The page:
As of 2019, it’s safe to presume that these alarming numbers have gone up! Snapchat, Instagram and other social media apps are being targeted at children because of their accessibility and ease of use.

LED light bulbs are used in classrooms and houses instead of the traditional incandescent lights, which wastes a lot of energy but produces a lot of light. In addition, many children utilize LED nightlights as early as the age of three or four years old.

Does Blue Light Cause Sleep Issues in Children?

A number of studies have found that youngsters who spend a lot of time in front of a screen are more likely to be late to bed and to fall asleep more quickly. Many research in adults have shown that light exposure in the evening and the usage of blue light-emitting devices before bed have an influence on sleep, despite the fact that these observational studies cannot prove a cause-and-effect relationship. Blue light has been shown to impair sleep in adults, but our findings implies that the same may be true for youngsters, who have an increased sensitivity to light-related melatonin suppression.

Nevertheless, further research is required to reveal whether blue light disrupts sleep or if children who already struggle with sleep are more likely to use screens (and be exposed to blue light) before bed and at night to shed light on this question. In other words, it’s possible that screen time affects sleep just as much as sleep affects screen time, and vice versa.

Effects of Sleep Loss in Kids

The importance of sleep in childhood growth and functioning is well-documented, despite the need for greater research into the link between blue light exposure and sleep in children. Sleep deprivation has been connected to inattention, impulsivity, and trouble self-regulating, according to studies. Children who don’t get enough sleep are also more likely to have difficulty in school. Some children with sleep deprivation may be misdiagnosed with ADHD because their symptoms resemble those of attention deficit hyperactivity disorder (ADHD).

Because sleep releases chemicals that promote muscle growth, a healthy immune system, and cell repair, children with sleep deprivation may suffer from these consequences.

Is Blue Light Destroying Your Sleep? No, but Worrying About it Is. | by Nick Wignall | The Startup | Medium

How Can You Reduce Exposure to Blue Light?

Because sleep is so vital to a child’s mental and physical well-being, ensuring that they get a good night’s sleep is essential. When it comes to blue light and your child’s sleep, there are a few things that you and your child may do together if you are worried. Among the first things to attempt are the following:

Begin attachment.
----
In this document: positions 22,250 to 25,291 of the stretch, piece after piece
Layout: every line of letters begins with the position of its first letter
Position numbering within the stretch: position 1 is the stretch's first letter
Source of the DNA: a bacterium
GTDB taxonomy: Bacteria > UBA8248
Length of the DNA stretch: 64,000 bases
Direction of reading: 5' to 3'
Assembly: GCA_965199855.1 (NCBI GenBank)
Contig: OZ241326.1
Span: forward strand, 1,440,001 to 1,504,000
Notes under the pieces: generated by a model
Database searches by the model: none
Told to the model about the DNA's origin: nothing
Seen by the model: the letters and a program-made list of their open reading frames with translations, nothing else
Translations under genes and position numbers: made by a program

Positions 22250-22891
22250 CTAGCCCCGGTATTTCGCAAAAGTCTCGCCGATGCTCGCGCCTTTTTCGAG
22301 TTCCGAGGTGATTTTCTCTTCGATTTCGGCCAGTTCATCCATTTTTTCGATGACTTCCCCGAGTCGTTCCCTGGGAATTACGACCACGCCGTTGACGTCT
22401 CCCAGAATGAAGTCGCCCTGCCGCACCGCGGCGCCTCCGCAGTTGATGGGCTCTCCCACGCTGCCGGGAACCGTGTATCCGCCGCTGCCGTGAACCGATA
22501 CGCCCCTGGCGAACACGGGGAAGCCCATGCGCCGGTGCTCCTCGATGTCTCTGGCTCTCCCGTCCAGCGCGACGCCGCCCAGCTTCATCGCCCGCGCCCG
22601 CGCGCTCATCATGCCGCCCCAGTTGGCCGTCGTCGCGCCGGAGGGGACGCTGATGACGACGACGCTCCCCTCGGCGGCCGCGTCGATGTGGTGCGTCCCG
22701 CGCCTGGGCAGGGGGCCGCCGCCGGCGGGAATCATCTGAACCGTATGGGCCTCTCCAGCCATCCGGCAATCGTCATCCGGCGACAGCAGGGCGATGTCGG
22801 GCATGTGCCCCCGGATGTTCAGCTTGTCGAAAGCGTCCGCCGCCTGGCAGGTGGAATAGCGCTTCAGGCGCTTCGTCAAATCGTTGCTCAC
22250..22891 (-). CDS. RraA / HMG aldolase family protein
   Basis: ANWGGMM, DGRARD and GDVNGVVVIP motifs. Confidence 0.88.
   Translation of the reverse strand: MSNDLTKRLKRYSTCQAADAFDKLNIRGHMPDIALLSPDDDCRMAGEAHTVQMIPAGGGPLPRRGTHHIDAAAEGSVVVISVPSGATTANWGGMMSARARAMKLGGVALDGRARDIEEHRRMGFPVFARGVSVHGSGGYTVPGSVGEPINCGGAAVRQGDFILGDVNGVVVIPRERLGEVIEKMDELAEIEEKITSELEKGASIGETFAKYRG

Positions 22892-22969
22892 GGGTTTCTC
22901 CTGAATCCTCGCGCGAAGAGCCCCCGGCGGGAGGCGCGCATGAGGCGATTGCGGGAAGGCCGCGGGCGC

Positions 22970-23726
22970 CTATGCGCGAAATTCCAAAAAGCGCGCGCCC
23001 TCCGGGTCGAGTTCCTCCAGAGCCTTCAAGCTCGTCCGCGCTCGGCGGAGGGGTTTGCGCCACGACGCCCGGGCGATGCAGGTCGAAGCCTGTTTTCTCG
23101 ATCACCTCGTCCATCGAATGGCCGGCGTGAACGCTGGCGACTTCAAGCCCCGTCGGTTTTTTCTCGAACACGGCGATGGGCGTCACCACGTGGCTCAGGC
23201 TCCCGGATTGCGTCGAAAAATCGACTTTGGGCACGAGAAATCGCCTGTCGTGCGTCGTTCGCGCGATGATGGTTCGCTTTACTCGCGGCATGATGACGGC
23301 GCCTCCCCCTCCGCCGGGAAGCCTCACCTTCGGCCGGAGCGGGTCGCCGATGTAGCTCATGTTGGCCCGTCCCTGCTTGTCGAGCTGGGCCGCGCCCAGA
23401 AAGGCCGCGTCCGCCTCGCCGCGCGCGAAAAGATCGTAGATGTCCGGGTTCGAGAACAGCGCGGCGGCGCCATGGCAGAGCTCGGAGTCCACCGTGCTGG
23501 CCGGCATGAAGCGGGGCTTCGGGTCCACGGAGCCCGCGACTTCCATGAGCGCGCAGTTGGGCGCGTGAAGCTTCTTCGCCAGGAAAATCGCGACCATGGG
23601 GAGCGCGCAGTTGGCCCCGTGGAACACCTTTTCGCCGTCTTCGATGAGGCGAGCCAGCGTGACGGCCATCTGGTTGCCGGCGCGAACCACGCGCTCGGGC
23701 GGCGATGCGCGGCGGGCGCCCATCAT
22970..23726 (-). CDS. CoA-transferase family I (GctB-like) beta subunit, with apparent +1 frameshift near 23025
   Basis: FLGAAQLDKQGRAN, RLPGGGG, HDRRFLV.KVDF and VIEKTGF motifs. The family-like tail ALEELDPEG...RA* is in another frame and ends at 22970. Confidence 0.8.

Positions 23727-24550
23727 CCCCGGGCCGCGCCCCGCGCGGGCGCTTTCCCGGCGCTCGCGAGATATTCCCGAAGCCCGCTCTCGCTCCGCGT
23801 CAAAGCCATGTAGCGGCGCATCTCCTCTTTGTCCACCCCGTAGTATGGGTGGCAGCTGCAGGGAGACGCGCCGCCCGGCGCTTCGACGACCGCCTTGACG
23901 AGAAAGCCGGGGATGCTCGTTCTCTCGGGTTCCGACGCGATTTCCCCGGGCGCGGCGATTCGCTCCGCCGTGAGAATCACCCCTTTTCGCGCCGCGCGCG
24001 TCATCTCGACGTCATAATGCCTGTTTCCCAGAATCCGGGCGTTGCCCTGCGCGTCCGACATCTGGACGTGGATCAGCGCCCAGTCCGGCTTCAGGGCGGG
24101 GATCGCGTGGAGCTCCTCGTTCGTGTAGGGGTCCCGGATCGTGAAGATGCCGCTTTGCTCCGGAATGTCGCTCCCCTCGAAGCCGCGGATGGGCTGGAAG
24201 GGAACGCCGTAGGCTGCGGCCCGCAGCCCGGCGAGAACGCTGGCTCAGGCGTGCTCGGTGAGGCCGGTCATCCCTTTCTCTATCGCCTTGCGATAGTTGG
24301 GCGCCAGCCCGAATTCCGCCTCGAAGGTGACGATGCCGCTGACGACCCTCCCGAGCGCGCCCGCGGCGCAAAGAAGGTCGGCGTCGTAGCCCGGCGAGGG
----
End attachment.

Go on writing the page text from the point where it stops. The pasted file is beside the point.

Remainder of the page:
• Set a technological curfew: Establish a nightly timetable that includes a one-hour cutoff for electronic use before going to bed. In order to help your youngster remember to turn off the screen at a set time, you may wish to utilize an alarm clock. Before going to bed, consider doing something relaxing like reading, doing a puzzle, drawing, painting, or stretching. In addition, parents should set a good example by limiting their children’s screen use in the hours leading up to bedtime.
  • It may be tough for some children to give up their electronics in the bedroom, but keeping them out of the bedroom and away from the mattress can have a significant impact on the amount of blue light they are exposed to while they sleep. As a result, there’s less of a chance of getting startled awakened by messages, calls, or other notifications in the hours leading up to bedtime.
  • Protect yourself from the ill effects of blue light by using blue light-blocking glasses or sunglasses. Apps that block out blue light are also an option. They alter the color temperature of a tablet or smartphone screen by shifting the light spectrum toward warmer wavelengths.
  • “Night mode” and dark mode” choices are available in many electronic devices, which can reduce blue light exposure by turning off the screen’s backlight, making it appear black.
  • Using red light bulbs for reading lamps and nightlights at night may help you sleep better because it does not interfere with the creation of the sleep-inducing hormone melatonin. The long wavelengths of yellow and orange light are also viable possibilities in the visible light spectrum.
  • Getting enough strong light during the day helps synchronize circadian cycles, which in turn helps you sleep better at night. During the day, make sure your youngster has access to plenty of natural light.

Setting limits on screen time, especially for teens, can be a challenge. Regularly discuss the importance of sleep and how blue light may affect it with your children or teenagers, especially if they are younger. Working together to develop guidelines for technology use could be beneficial. In addition, parents and guardians can serve as role models by enforcing technological curfews and limiting the use of electronic devices in the bedroom.